Is there any treatment for this? What kind of doctor would I see? How long would you expect this to last? — T.S.
ANSWER: You have the classic symptoms of disembarkment syndrome, also called mal de debarquement. Whereas most people getting off a boat or ship will have the sensation of moving for a few hours, in people with this syndrome, the symptoms may continue for months or even years. It seems to be more likely in women, and may have an association with migraine headache. Interestingly, going back on a boat can make it better in the short term, but worse later.
One treatment is clonazepam, which provides some short-term relief. Standard treatments for vertigo usually do not help. Fortunately, most cases do get better after some weeks or months, but 18 percent still have symptoms even a year later. An expert in balance problems, often an ENT doctor, would be most likely to be familiar with this condition.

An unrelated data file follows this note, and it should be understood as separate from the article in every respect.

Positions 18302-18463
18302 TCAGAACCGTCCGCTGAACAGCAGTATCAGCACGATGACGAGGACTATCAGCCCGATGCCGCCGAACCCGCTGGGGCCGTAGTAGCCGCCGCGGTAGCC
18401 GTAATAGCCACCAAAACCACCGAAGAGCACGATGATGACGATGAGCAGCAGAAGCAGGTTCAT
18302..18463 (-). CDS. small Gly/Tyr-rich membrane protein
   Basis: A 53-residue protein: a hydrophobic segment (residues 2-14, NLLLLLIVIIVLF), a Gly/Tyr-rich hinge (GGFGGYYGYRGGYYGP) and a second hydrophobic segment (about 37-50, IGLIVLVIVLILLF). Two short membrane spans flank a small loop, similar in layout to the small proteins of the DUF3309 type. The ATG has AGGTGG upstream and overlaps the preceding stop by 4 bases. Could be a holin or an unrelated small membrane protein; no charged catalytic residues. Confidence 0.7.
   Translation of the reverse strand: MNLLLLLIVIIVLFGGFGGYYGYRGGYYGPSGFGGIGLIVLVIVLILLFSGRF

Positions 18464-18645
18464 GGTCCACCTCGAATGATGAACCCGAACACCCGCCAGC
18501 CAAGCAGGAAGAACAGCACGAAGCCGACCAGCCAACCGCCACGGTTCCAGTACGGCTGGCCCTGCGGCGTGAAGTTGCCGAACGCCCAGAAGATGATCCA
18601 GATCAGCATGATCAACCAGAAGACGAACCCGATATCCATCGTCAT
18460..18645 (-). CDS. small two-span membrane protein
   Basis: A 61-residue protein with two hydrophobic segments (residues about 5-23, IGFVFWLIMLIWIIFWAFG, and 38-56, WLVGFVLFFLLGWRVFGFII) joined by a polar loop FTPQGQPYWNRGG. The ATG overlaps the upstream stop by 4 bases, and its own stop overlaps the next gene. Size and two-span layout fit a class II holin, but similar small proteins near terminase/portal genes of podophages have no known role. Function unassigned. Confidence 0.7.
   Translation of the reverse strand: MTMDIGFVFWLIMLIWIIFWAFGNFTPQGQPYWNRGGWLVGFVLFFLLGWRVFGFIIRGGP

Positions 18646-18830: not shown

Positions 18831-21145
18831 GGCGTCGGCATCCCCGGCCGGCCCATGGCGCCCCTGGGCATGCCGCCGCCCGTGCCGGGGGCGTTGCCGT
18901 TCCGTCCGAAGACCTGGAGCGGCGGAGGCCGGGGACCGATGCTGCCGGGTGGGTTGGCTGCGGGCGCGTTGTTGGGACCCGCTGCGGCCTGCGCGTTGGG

The booklet on vertigo explains dizziness in detail and outlines its treatment. Readers can order a copy by writing: Dr. Roach -- No. 801, Box 536475, Orlando, FL 32853-6475. Enclose a check or money order (no cash) for $4.75 U.S./$6 Can. with the recipient’s printed name and address. Please allow four weeks for delivery.
DEAR DR. ROACH: I look down in the toilet and see that my urine is white and foamy. What is this, what causes it, and is there anything I can do? — A.V.R.
ANSWER: Foamy urine raises concern of excess protein. High amounts of protein in the urine could result from nephrotic syndrome, an indication of a serious kidney condition. Any doctor can do a urine test for protein; if it’s positive, your doctor will have you collect all the urine you make in 24 hours to see how much protein there is.